It’s trivial to see what took long in bootup as well, I can see precisely how long each driver, service, etc… took to load in milliseconds, and what depended on what causing serialization of the loading, and this is done every bootup. I’ve yet to figure out how to get that information out of the Win10 system at work (which takes almost 2 minutes to bootup, just wow’s me every time…), and I haven’t heard one way or the other how you’d get that info on macs.
Isn’t that an ancient windows’ism? Why would mac’s need to do that?! Linux definitely doesn’t…
For note, I run and have other local people run Kubuntu because its solid releases, doesn’t have the tracking of Ubuntu, has the far superior KDE, is not an often-breaking (though usually easily fixed if you know what you’re doing, but not going to put that work on non-computer people) rolling release like Arch, etc…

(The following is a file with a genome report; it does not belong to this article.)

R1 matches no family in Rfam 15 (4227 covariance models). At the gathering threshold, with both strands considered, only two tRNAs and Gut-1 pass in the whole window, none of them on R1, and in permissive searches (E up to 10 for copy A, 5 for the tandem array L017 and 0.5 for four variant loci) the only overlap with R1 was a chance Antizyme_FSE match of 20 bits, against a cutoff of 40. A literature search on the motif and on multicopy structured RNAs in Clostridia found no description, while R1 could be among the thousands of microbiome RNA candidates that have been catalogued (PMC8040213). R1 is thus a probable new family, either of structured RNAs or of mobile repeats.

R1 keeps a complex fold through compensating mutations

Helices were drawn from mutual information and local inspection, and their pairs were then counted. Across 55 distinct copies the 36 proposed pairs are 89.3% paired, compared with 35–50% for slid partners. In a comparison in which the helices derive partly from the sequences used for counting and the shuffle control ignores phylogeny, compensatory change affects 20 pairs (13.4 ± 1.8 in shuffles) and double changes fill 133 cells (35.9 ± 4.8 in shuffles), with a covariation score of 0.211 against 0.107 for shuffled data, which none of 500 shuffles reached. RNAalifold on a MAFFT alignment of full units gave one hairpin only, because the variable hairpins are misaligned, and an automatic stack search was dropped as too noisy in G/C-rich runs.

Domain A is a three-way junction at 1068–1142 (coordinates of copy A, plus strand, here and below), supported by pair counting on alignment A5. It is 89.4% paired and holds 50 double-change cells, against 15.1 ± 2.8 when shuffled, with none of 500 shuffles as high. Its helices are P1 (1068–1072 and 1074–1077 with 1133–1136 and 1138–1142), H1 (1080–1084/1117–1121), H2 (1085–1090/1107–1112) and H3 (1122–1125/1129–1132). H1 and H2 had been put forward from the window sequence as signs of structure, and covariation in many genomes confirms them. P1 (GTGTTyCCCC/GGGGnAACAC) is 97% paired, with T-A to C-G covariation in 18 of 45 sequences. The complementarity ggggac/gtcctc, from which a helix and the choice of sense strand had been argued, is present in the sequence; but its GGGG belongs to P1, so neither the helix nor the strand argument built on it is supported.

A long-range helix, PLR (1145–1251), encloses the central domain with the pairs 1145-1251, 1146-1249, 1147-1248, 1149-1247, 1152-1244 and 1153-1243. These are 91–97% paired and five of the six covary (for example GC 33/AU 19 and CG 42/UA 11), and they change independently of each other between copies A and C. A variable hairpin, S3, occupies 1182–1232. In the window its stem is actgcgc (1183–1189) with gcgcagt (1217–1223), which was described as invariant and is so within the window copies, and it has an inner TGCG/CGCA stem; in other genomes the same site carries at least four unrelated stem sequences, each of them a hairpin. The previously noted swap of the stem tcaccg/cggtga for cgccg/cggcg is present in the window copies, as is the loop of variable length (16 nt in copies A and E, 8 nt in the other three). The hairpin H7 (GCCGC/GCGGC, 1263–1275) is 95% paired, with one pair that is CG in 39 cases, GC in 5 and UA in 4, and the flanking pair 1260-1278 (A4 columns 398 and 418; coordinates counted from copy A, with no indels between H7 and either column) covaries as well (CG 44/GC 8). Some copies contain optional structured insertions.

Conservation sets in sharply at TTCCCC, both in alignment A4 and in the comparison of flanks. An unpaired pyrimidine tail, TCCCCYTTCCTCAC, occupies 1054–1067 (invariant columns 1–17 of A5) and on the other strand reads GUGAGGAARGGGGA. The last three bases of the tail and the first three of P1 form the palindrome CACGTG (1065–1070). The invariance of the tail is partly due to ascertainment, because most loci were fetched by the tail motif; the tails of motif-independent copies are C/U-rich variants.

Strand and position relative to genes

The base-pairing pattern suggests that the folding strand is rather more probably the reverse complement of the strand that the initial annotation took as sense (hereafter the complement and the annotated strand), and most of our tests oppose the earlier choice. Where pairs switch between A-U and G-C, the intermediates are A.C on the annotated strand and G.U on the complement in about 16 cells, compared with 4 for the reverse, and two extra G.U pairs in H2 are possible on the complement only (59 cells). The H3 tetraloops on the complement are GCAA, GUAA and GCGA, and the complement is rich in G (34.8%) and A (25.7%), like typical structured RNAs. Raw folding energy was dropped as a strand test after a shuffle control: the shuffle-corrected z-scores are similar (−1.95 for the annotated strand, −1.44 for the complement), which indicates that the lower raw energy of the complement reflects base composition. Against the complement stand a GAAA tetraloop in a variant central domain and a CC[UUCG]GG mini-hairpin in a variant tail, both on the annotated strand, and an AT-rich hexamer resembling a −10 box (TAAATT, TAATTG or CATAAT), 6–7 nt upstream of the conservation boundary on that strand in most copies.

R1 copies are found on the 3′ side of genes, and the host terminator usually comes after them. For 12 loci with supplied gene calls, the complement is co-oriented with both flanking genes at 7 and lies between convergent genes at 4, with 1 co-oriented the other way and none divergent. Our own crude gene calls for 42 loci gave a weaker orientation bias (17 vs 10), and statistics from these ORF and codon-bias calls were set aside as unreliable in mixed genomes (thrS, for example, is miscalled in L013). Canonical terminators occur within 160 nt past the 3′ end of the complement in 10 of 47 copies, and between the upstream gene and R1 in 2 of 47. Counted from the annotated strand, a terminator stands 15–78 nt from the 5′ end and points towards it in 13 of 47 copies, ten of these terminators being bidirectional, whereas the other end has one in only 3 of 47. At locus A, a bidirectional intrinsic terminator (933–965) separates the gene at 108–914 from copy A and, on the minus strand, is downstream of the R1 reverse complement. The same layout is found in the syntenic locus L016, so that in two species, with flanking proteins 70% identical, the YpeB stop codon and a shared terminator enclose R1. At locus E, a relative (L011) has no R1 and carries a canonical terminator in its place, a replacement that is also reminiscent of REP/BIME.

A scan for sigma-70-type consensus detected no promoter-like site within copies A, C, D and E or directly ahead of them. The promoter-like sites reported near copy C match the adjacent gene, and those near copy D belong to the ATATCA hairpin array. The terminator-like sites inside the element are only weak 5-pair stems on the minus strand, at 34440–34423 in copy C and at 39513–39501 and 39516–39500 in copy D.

And I was wondering what had happened to @OvermindDL1 but it seems is back and in shape
Welcome back, you new father you! Now, how much years do you need to catch up with sleep after the baby was born?
I am admitting my complete ignorance here, I never used Wayland. I am pondering a Linux workstation and I can’t even decide between KDE / XFCE / BSPWM / DWM for two spare laptops I have lying around…
That’s true but honestly? For most people it’s fine. I know that one day I’ll love tinkering with my desktop UI as many Linuxers do but realistically, macOS’ UI is not a show stopper to me. It can be better but it absolutely does NOT hamper my daily productivity. I wish for more keyboard shortcuts and generally not use the mouse much but that’s irrelevant to my paid work – just a personal preference.
Maybe we should start it!